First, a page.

India on the Path to Banning Bitcoin and All Other Cryptocurrencies?

A bill has circulated through Indian crypto and financial experts, potentially curbing all digital assets in India.

The bill proposed in India to ban all digital assets and even punish ownership and trading by a jail term, has surfaced as a preliminary document.

At the heart of the bill is an attempt to curb all activities related to digital assets. The draft states:

“No person shall mine, generate, hold, sell, deal in, issue, transfer, dispose of or use Cryptocurrency in the territory of India.”

Exceptions are made for experimental or development use, as well as distributed ledger use in traditional financial services, as long as no crypto assets are changing hands in a peer-to-peer transaction. The bill proposes that the only blockchain-based coin in India may be the Digital Rupee, an asset created and minted only by the Reserve Bank of India.

For offenses against the eventual prohibition, a first-time offender would only receive a fine, but a second-time offense brings a jail sentence of no less than five years.

India has been one of the most active markets for digital assets, before bans and regulations cut the activity of some of the leading brokerages and exchanges. India currently hosts 26 Bitcoin (BTC) nodes, showing significant activity. The prevalent usage of digital coins in the country potentially makes the bill more impactful. However, experts believe it may take a while before it gets passed as an actual law.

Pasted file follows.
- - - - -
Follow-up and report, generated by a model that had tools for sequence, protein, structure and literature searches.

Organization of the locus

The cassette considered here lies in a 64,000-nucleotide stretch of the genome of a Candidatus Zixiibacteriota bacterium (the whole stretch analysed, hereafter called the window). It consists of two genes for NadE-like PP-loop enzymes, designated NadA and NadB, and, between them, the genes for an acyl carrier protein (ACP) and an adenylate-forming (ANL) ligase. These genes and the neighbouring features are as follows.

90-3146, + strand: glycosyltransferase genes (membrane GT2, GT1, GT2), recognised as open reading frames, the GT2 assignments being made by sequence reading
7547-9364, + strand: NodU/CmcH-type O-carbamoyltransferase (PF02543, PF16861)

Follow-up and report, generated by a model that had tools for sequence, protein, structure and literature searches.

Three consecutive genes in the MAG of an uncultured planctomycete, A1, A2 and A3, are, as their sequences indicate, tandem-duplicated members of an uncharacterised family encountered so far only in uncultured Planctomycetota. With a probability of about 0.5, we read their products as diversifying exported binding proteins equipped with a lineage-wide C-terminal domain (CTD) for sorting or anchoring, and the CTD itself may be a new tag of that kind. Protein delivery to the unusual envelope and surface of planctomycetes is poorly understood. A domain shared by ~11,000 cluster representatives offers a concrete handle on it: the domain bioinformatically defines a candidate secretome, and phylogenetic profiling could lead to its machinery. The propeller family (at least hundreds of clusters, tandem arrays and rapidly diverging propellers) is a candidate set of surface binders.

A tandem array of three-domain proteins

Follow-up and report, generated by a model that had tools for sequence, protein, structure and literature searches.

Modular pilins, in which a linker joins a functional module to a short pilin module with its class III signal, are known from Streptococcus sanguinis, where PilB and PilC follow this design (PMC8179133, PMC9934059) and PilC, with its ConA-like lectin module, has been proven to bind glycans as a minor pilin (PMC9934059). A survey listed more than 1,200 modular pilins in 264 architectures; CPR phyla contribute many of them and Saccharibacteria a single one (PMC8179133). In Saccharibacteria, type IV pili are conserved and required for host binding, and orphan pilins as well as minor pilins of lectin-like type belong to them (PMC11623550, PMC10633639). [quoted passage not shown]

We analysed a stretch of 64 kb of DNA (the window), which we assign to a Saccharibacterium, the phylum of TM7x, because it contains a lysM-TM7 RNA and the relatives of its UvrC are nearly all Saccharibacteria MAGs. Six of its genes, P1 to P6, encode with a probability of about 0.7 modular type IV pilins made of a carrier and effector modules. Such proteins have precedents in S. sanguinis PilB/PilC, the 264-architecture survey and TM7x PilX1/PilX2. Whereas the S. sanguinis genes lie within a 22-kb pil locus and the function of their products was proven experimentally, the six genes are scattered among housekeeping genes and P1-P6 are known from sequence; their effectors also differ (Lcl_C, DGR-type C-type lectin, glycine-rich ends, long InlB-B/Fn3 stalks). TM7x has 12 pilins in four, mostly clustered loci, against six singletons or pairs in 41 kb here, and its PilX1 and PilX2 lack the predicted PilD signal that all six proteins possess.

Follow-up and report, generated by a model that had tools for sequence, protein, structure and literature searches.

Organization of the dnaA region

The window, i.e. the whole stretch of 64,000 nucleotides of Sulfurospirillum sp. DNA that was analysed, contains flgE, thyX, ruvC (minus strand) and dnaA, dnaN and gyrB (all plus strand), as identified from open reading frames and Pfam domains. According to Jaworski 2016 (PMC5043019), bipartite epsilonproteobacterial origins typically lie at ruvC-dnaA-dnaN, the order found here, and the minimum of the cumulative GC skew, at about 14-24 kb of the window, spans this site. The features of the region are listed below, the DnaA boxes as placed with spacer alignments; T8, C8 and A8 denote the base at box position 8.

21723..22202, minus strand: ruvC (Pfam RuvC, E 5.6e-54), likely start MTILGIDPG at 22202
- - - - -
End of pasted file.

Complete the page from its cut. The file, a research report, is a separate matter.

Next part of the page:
The Indian government has also opposed the introduction of Facebook’s Libra, and the Libra Association has answered accordingly, stating it would not release the Calibra wallet to Indian customers.

The Indian bill arrives at a time when digital asset prices have been turning bearish again, and BTC sank under $10,000 twice in July. Still, digital coins offer a way to circumvent traditional finance and revive the grey economy that India has been struggling to eradicate. The government first went after personal cash holdings, and later started to curb digital asset trading.

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